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Dirty Owls

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Professor Albus Dumbledore was enjoying a cup of tea, reading the The Daily Prophet, and not thinking about his ex-boyfriend’s impending war.

It was very simple. He usually scanned the headlines for Transfiguration spell developments and then flipped to the comic strips - the long-running comic Little Morgana recycled its punchlines only a handful of times.

That was when Fawkes rustled by, his wings flapping. The newspaper pages flipped over.

NOTED HISTORIAN BATHILDA BAGSHOT PLANS TO AUCTION OFF HER BOOKS, PAPERS, AND ARTIFACTS.

“Fuck,” Albus said.

“Professor?” said the little first year standing outside his office. He was holding onto last night’s homework.

Obliviate.

 


 

Albus fired up Gellert Grindelwald’s Floo contact. He had obtained access for important national security reasons, threatening it out of former students who had become Grindelwald sympathizers.

“For the last time,” Gellert said, his face flashing in front of the fire, blond hair alight, blue eyes glimmering, “stop fire-calling me drunk. I’ve changed it twice already.”

Albus coughed. “I’m not sloshed, Gellert. We have a mutual problem. The fate of the wizarding world hangs in the balance. Society is at risk and the innocence of youth is, alas, no longer innocent.”

“Of course society is at risk,” Gellert said. “I know you’ve been busy reading Little Morgana, but if you bothered to fully read the newspapers, you would know that I’ve gathered a network of loyal followers. I’ve successfully cowed politicians and trained an important weapon. It’s a very impressive--monumental--enormous-- operation.”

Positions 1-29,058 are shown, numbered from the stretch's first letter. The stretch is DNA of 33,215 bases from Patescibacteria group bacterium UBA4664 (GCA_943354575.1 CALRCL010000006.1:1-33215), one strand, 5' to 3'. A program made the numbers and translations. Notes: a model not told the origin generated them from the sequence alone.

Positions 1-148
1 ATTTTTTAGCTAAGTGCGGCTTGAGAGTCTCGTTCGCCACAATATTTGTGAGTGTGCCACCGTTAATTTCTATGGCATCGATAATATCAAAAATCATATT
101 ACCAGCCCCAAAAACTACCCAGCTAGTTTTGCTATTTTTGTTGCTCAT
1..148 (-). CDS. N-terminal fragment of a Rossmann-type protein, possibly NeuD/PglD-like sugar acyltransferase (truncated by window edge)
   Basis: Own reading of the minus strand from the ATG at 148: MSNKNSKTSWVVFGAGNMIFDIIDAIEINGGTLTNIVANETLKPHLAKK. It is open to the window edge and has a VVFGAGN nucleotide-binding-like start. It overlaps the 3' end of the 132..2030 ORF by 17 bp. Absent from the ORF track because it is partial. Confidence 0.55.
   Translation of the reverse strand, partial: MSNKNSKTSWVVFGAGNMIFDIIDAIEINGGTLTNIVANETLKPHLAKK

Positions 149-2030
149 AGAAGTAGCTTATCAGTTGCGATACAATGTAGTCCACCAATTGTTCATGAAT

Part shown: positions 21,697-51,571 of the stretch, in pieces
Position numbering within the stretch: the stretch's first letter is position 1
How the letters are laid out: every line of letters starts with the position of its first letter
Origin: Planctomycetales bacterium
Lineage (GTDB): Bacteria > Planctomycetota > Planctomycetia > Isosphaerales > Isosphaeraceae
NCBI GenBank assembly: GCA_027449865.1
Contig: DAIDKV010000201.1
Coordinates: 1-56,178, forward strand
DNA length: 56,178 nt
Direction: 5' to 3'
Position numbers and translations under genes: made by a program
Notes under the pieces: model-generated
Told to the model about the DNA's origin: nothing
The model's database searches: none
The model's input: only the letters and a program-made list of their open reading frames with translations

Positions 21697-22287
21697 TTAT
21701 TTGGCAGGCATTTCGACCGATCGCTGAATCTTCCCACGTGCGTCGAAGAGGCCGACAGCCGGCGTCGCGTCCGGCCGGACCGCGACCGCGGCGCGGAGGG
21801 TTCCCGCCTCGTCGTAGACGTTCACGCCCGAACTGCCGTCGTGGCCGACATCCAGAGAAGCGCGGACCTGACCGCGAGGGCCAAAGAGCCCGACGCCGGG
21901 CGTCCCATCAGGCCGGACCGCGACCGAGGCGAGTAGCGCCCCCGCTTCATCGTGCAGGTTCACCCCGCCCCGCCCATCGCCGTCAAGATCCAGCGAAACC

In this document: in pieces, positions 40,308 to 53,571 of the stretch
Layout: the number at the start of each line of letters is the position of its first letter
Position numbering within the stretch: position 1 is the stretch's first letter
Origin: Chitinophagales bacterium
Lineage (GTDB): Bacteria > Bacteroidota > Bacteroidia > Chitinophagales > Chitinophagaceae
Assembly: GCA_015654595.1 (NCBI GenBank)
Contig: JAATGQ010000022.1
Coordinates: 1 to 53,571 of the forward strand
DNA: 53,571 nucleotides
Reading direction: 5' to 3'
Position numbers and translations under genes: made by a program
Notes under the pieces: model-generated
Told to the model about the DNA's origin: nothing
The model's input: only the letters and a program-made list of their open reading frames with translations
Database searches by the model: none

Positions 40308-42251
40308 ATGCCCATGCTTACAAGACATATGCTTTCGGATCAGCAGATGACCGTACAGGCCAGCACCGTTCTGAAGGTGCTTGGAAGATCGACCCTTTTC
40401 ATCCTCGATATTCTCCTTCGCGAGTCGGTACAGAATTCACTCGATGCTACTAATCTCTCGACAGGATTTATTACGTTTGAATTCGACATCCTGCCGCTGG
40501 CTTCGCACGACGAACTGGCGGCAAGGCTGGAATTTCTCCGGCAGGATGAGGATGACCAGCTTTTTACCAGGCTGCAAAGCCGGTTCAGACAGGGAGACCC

He eyed Albus, hoping for a reaction.

“Your Aunt Bathilda,” Albus went on, ignoring the monologue, “is auctioning off her possessions at Piper’s Place tomorrow. Among her things is our letters.”

Albus continued: “In your haste to leave the country after the--disaster--you left behind the letters I sent you.”

“I hardly approve of our private correspondence leaking to the media,” Gellert said. “But it would be satisfying for your true nature to be revealed to the public. You’ve shared my idealogy and goals about the Muggles and the Hallows, Albus…”

“Stop thinking about world domination and prejudiced ideology for once,” Albus said with a frown. “It wasn’t only my letters. I left your letters at Professor Bagshot’s place in a fit; I couldn’t bring myself to destroy them. They’re all pressed between the pages of her copy of The Tales of Beedle the Bard.”

Here was the thing: Gellert Grindelwald, ever since he was young, was a talented artist. It was an extension of his abilities as a Seer.

He would emerge from prophetic dreams and visions, images flashing through his head, and he would put them onto parchment. His quill scribbling back and forth to sketch.

Sixteen-year-old Gellert Grindelwald had also drawn explicit pictures of himself and his boyfriend.

“Fuck,” Gellert said. “What in Freyja’s name were you thinking?”

Albus crossed his arms. “I wasn’t thinking. I was heartbroken because my sister was killed and you ran off. I was hardly strategizing over the integrity of both our future reputations.”

“Well, you’re the one in Britain, Albus,” Gellert said. “Tell Aunt Hilda to pull the damned book! Use your considerable influence to reserve it ahead of time.”

“I’ve already made an attempt,” Albus said. “I didn’t bother your aunt because she would discover the letters. I don’t wish to subject her to our epistolary dalliances - she’s your aunt, for Morgana’s sake.

“As for the auction house, I’m flattered that you think so much of me, but Britain’s wealthy bigoted purebloods have recently expressed an interest in the Deathly Hallows myth. Because someone is wearing a certain symbol and parading around Europe terrorizing Muggles. Professor Bagshot’s edition is a rare and valuable commodity, and Piper’s Place won’t pull the item for Merlin himself.

“We have to be discreet and careful. That leaves only one thing to do--”

“Set the auction house on fire,” Gellert said. “I see. I’ll contact my followers in Britain.”

“No. You will not authorize a terrorist attack to destroy our love letters.”

“Why not?”

“Because it’s dangerous and people might die,” Albus said.

“My old art was juvenile! Nothing was anatomically correct. I’ll become a laughingstock.”

“And there is the fact that it would become known you’ve consorted with the enemy, yes,” Albus said dryly. “Gellert, the book has to be covertly stolen.”